Charley and Allis in “Must Read After My Death.”
Domestic psychodramas set in the mid-20th century pique our curiosity because they expose the ugly truths hidden in that era’s idealism, the darkness behind the white picket fence. But while “Revolutionary Road” and “Mad Men” offer smart, often bleak dramatizations of desperation, neither is as jarringly horrific as Morgan Dews’ documentary, “Must Read After My Death.”
Allis and Charley (Dews never gives away the family name of his grandparents) documented their lives in unusual detail for pre-YouTube era. Because Charley spent four months a year on business in Australia, the couple bought matching Wollensak reel-to-reel tape recorders and sent spools of spiels across the water. And that would have been wonderful, if Charley hadn’t been a monster of a husband.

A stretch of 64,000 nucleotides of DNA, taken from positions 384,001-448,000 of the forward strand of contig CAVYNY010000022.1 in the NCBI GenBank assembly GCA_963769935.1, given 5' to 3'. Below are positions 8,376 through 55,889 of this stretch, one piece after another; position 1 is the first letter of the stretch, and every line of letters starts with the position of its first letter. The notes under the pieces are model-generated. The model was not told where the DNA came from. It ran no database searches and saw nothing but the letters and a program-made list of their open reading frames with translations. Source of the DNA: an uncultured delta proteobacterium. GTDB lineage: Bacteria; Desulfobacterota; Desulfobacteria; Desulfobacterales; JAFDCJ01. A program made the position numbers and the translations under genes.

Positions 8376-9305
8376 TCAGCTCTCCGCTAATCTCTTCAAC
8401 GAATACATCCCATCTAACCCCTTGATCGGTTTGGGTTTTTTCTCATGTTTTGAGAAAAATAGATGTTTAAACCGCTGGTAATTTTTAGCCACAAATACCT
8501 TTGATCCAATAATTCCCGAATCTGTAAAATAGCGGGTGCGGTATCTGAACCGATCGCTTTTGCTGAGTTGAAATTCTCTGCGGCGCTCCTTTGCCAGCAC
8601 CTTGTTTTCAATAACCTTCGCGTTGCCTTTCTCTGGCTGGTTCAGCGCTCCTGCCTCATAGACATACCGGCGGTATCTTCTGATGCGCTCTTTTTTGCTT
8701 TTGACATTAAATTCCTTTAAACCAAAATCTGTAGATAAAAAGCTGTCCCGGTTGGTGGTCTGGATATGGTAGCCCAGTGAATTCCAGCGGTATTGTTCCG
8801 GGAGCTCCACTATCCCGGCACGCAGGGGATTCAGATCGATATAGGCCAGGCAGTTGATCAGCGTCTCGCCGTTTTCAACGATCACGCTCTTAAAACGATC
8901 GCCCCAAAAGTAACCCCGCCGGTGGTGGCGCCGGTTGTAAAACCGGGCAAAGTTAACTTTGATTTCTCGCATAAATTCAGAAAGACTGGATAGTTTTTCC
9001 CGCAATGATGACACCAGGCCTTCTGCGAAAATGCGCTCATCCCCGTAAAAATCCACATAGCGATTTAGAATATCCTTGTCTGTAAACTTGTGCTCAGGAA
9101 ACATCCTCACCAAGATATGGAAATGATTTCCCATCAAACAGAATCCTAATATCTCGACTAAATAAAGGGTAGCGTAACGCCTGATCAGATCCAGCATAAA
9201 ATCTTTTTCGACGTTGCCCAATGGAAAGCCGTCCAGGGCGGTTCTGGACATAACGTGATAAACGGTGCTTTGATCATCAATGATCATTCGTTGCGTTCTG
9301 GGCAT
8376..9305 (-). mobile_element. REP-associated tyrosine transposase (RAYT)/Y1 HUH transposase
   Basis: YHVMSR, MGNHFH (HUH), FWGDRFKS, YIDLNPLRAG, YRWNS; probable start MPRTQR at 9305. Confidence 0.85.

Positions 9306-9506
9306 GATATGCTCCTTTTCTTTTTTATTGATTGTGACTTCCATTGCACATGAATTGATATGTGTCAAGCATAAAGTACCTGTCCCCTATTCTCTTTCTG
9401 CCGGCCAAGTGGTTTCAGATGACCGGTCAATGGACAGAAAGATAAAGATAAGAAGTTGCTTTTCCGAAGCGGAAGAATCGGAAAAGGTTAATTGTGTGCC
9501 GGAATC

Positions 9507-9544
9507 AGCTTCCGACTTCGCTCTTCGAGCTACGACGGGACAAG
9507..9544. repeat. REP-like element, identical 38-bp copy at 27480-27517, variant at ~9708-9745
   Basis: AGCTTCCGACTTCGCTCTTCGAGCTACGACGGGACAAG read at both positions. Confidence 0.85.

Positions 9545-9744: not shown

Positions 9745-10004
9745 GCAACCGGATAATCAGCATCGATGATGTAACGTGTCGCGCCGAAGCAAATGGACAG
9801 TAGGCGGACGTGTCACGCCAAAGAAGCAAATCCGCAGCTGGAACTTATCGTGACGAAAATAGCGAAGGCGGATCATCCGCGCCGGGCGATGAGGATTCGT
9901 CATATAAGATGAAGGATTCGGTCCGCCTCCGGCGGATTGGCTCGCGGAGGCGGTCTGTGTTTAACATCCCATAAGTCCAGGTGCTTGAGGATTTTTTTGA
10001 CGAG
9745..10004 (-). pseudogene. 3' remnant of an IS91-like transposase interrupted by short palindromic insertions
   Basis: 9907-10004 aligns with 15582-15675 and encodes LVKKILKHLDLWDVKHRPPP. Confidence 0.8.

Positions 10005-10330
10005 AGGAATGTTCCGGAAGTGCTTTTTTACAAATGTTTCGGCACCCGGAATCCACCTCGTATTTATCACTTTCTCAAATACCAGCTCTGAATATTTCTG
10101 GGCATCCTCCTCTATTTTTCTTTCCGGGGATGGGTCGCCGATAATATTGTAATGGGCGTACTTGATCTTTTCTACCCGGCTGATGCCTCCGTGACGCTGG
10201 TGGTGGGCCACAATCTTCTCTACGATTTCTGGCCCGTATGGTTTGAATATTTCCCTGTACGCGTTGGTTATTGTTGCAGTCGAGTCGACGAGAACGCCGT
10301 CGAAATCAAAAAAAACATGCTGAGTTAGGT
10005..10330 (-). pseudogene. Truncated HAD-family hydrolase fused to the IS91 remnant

Allis, an educated and worldly woman before she married Charley in 1946, was left in Hartford, Conn. to raise their children: Anne, Chuck, Bruce and Douglas. Charley, who believed in open marriage, fooled around Down Under and told his wife all about it in unsettling detail, even asking his girlfriends to sing into the microphone.
The balance of Charley’s concerns surrounded his family’s bad housekeeping. When he was home, he would drink and scream, and his unloving nature and hateful parenting resulted in psychological trauma for the children. One of them, Bruce, was institutionalized for a year, and Allis and the rest of her family were treated by a Dr. Theodore Lenn, who seemed only to exacerbate their misery.
The audiotapes provide the only narration, and are juxtaposed with often sunny, idealized images of Allis and Charley’s home and family. Dews quilts the audio recordings together with home movies and still photos to create a true-life suburban nightmare.
“Must Read After My Death,” named for a file of transcripts Allis left when she died in 2001, opens in New York theaters but can be seen nationwide starting today here. This documentary offers a strong argument for purchasing a new widescreen monitor — with independent film losing support at theaters, online viewing is its best refuge.